(3) the client receives the quote and, if acceptable, returns a message requesting the trade,
 (4) the trade requests is received by the trading interface server and processed and a “trade is done” message is returned to the client,
 (5) the client returns a message acknowledging receipt of the trade-done message, and
 (6) the transaction is recorded in the financial institution' books.
 The sequence of communications will be discussed in more detail with reference to the transaction messaging protocol according to the invention. The messaging protocol is configured to minimize the amount of processing that must be performed by the remote site accessing the trading interface server. As a result, functionality to allow access to the trading interface server can be easily be added to the remote systems.
 The protocol will be discussed herein with reference to examples in XML format. However, the protocol is not limited to only XML format implementations and other alternative formats can be used as appropriate for the communications medium and data format specifications. A most preferred data type definition for the messaging protocol, including required fields for this specific embodiment, as well as various optional fields is shown in Table 1, below. In the preferred embodiment, the XML requests are transmitted using generic WebService architecture and conventional HTTPS POST messages. Responses comprise a standard HTTP/1.1 header with the content type text/html and where the body of the response contains a reply message.
 In the preferred XML format, all messages begin and end with a “Message” tag. Between the Message tags is the header and a body. The header contains identification information about the parties involved in the transaction and can also contain message-tracking identification codes. The header of the message can and preferably must contain a valid user name and password. When the server 10 receives a message, it automatically extracts the name and password from the header and uses them to authenticate the request. Various methods of encoding the name and password in the message and authentication techniques known to those of skill in the art can be used.
 To allow the identification information to be separated from other information that may be present in the header, a separate NodeInfo tag can be used. A sample header for a message from an investor is shown below:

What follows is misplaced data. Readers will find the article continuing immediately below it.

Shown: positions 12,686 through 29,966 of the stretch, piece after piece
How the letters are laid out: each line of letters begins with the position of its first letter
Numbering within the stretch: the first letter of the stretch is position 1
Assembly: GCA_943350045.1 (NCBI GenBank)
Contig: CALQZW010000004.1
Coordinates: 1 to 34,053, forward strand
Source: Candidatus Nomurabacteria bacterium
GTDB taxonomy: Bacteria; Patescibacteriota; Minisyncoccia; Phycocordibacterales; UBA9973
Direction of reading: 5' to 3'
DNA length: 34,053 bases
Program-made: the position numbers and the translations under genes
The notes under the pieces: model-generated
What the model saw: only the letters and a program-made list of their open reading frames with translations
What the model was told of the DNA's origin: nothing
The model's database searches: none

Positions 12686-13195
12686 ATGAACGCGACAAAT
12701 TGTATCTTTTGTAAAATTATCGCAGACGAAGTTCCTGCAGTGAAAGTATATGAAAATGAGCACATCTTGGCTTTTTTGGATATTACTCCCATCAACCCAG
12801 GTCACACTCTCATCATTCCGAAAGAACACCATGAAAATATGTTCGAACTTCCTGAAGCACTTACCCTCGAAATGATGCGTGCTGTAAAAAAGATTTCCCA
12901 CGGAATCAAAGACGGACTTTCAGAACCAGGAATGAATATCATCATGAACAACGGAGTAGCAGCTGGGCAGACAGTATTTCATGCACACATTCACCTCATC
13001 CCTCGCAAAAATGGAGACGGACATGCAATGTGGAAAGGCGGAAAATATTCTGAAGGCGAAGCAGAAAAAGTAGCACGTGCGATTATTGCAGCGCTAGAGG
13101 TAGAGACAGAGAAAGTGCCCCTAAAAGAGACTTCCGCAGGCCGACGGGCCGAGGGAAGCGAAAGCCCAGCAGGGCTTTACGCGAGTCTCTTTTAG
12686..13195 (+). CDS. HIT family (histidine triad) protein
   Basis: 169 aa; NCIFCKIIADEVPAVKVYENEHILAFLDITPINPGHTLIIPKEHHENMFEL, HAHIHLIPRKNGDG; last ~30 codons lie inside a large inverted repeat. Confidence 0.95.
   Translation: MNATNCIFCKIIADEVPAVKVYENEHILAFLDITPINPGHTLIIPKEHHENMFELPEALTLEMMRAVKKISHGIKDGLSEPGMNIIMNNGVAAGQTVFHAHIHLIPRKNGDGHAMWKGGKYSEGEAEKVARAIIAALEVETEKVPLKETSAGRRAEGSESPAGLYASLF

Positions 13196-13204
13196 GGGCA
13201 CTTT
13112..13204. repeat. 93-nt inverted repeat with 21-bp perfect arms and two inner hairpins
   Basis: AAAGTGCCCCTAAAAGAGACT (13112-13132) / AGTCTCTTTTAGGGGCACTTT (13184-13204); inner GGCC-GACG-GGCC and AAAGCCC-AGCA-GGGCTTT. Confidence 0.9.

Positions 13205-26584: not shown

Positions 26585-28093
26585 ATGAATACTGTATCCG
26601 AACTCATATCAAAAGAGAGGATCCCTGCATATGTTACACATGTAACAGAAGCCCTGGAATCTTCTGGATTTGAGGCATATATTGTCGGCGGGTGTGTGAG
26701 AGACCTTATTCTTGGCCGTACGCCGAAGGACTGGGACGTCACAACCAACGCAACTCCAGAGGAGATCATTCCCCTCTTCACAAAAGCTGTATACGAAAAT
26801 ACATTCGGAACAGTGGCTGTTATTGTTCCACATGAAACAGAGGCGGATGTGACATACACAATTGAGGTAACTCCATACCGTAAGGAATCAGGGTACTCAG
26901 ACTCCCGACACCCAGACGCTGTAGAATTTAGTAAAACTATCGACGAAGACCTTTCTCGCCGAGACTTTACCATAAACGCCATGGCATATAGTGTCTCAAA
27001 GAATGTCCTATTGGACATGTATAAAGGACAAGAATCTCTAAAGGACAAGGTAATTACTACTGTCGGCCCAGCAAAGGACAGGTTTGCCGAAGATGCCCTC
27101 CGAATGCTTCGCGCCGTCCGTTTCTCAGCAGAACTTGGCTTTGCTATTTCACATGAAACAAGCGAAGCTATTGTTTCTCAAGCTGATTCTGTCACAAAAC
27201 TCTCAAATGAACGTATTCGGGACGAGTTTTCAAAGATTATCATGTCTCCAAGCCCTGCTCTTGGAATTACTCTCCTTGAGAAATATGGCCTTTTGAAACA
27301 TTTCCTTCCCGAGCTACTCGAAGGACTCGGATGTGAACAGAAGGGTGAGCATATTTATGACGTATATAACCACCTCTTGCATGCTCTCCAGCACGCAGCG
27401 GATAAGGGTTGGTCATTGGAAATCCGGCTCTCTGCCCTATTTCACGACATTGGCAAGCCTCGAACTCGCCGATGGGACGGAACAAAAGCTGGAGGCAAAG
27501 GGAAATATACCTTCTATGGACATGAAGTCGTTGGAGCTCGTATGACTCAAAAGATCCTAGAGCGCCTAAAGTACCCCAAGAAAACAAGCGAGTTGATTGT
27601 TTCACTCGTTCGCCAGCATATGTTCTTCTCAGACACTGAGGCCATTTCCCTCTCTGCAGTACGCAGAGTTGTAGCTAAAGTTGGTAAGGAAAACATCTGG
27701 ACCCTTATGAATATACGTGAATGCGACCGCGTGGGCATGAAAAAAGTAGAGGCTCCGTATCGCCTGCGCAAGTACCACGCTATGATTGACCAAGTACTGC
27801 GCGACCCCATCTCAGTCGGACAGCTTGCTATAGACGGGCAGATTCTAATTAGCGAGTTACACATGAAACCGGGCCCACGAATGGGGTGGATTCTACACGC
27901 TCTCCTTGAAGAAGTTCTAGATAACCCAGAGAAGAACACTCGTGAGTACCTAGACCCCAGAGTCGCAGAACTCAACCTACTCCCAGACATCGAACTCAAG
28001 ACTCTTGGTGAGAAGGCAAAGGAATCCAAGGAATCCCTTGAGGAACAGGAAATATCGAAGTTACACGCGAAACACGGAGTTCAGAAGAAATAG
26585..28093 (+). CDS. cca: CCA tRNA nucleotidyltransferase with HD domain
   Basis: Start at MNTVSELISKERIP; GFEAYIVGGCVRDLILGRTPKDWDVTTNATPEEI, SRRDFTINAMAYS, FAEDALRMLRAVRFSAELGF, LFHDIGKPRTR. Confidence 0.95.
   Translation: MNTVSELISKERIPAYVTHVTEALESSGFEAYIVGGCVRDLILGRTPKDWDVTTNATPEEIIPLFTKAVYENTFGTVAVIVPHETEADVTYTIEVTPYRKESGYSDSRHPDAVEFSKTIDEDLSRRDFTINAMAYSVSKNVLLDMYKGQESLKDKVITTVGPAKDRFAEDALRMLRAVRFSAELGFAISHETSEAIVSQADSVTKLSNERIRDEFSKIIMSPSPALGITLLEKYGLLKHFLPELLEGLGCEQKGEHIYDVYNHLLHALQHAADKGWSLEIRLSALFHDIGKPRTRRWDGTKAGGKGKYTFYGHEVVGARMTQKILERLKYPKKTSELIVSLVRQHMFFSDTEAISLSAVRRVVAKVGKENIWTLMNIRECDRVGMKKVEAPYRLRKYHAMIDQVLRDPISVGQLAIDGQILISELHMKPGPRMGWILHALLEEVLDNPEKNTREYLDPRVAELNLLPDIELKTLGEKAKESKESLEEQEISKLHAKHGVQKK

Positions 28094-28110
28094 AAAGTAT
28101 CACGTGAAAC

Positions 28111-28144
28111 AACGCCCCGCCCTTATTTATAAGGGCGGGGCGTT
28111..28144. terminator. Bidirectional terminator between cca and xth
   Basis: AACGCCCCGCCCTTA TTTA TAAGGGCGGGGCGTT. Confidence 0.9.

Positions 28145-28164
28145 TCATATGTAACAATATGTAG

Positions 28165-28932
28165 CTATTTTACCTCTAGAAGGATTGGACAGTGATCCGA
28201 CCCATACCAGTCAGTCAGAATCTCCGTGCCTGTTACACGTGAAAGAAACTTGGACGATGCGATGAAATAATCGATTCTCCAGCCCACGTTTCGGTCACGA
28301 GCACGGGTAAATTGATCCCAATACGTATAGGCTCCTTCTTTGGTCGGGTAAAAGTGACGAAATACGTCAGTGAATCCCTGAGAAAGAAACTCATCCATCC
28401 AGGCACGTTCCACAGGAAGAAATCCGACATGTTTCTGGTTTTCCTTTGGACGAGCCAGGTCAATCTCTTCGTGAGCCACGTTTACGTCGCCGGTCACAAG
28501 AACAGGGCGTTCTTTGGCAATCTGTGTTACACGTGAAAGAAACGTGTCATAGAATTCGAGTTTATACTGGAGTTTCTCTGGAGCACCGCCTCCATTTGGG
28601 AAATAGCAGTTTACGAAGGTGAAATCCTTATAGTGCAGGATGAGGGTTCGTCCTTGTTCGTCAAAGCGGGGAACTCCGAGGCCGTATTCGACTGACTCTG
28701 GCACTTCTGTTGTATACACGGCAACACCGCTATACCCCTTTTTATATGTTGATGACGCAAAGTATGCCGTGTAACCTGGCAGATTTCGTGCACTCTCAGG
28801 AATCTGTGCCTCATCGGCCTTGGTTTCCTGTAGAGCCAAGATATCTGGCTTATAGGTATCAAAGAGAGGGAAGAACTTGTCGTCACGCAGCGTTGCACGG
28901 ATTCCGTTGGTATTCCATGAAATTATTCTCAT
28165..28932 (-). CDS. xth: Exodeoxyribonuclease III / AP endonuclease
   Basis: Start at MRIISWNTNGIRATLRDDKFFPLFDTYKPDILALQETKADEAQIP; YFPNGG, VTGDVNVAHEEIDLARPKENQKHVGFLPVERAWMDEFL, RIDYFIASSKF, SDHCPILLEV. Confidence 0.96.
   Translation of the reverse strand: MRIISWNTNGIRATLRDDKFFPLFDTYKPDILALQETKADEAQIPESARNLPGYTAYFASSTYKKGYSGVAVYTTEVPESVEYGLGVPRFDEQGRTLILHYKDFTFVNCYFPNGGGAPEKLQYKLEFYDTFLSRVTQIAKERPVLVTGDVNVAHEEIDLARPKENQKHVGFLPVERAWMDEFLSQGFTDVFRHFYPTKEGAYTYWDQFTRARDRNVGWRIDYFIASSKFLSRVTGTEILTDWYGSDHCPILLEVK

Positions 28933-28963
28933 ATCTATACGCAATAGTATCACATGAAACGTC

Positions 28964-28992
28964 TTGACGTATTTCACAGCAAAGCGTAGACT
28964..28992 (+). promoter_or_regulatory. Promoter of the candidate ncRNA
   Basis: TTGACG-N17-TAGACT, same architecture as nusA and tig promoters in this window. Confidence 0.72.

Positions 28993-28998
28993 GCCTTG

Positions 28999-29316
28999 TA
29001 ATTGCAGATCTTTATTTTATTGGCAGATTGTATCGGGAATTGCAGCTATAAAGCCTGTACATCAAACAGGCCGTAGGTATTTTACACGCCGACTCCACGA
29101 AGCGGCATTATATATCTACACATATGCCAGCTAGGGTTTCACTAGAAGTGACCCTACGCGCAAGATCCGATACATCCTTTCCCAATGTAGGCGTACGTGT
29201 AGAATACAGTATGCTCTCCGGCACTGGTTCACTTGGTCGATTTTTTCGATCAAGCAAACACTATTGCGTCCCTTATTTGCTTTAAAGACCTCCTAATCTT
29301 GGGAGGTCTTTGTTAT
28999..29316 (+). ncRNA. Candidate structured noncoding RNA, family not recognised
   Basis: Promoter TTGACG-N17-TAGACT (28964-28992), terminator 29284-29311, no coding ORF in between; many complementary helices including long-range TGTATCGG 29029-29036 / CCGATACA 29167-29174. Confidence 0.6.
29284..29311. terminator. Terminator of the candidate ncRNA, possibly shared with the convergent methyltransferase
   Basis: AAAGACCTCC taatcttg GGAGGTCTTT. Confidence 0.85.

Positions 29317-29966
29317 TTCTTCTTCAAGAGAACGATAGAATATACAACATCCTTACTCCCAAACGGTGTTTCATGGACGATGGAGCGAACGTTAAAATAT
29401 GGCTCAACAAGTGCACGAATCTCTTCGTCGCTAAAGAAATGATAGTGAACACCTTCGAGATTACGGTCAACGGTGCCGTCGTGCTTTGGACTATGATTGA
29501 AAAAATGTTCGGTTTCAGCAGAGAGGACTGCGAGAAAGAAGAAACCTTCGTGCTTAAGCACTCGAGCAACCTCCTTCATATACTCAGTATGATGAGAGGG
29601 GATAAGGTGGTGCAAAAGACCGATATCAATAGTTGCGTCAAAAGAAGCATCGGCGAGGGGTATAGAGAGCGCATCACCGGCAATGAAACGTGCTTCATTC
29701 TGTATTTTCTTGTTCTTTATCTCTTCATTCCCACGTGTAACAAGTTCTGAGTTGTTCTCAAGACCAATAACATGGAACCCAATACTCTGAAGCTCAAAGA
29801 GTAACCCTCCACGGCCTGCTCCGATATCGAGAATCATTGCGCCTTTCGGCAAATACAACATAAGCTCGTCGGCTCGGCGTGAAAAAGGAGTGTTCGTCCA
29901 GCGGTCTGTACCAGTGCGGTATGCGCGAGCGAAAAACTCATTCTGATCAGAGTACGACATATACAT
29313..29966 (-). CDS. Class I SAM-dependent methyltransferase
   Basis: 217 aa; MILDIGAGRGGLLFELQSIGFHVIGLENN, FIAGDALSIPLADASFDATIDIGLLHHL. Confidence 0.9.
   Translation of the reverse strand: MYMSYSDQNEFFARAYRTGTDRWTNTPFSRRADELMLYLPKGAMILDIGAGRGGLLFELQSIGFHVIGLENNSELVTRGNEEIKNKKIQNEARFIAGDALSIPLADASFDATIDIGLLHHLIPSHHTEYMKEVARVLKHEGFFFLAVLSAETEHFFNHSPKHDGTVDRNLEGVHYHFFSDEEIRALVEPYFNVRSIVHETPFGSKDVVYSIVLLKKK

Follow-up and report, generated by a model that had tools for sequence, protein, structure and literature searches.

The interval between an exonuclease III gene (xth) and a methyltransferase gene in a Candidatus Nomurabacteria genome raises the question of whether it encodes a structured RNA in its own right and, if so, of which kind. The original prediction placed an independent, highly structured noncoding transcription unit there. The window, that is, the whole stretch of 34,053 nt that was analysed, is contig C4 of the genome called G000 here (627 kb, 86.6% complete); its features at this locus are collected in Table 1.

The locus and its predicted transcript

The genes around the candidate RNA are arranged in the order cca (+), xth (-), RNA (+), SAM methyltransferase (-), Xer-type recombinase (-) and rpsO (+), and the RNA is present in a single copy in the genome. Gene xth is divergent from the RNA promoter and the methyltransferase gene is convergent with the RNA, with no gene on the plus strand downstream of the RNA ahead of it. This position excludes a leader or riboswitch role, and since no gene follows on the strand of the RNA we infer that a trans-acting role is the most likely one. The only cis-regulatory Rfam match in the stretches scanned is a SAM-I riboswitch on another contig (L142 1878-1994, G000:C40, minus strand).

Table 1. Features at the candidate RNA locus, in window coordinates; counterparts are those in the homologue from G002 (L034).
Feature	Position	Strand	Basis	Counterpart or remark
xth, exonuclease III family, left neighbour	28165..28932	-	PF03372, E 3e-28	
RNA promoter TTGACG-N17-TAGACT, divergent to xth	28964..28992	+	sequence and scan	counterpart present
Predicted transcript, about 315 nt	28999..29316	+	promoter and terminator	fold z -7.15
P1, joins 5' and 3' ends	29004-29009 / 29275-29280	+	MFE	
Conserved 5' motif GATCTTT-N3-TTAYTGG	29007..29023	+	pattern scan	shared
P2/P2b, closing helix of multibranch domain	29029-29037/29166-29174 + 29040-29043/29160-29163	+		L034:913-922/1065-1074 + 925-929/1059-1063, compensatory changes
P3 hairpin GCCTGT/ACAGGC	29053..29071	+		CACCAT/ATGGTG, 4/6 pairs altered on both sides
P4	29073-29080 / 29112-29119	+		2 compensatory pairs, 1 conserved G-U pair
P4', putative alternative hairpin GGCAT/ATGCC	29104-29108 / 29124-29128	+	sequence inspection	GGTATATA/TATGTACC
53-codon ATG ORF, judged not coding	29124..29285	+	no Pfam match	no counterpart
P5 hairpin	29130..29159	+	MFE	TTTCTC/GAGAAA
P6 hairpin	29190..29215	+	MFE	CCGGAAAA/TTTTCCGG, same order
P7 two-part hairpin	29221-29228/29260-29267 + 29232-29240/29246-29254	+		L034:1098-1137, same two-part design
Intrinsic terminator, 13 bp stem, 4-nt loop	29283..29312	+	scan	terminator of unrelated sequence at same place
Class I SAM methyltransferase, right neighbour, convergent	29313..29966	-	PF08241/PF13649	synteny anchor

This header identifies the name of the investment institution or other entity, here “An Investor”. The role of the entity can also be specified. In this example, the specified entity is in the role of the requestor of the transaction at issue. A time stamp field is also included. Further information can also be included in the header, such as a contact at the investor associated with the request, a client of the investor for whom the transaction is being requested (herein the “investoruser”), and a message ID specified by the investor. Additional fields, such as an HTTP address for a server associated with the entity can further be included for use as desired. In addition, a type field is preferably associated with the message tag to allow for administrative and diagnostic messages to be easily separated from normal messages. In the example above, the message type is “normal.”
 The body of the message contains financial details of the one or more transactions for which prices are being requested. A type attribute is used to specify the type of transaction being requested and a product detail tag is used to specify the product that is the subject of the transaction and to provide product-specific transaction details. In the preferred implementation, five transaction types are defined: PriceReq (a price request), PriceRes (a price response), TradeReq (a trade request), TradeRes (a trade response), and TradeAck (a trade acknowledgment). For foreign exchange transaction, typical transaction products include spot, forward, swap, and option. The transaction and product types can be used by the trading interface server 10 to determine how the message should be processed and, in particular, to which sub-module the request should be routed and which aspects of the financial services provider's system must be accessed in order to process the request. Preferably, multiple pricing requests and responses can be provided in a single message and can be grouped together under a Transaction List tag while messages containing only trade requests, responses, and acknowledgements are related to a single transaction.
 When initiating a transaction, such as a foreign exchange transaction, the first step is to send a price request to the trading interface server specifying the product type of transaction to price and the details about the transaction itself. As will be appreciated, the transaction details are dependent on the type of transaction at issue. While particular transaction types are illustrated below, these are exemplary and those of skill in the art will appreciate how to extend the disclosed concepts to additional transaction types.
 Preferably, the transaction details are specified between “ProductDetails” tags. For a Forward transaction, the transaction details contain two Commodity Quantity elements; one, QuantityCcy, specifies the quantity of currency to be sold and the currency type, the buyer and seller, and a second commodity element, OtherCcy, is used to specify the type of type of currency to get in exchange. The buyer and seller can also be specified here for consistency.
 In a preferred embodiment, the transaction details can be specified in accordance with the template shown below: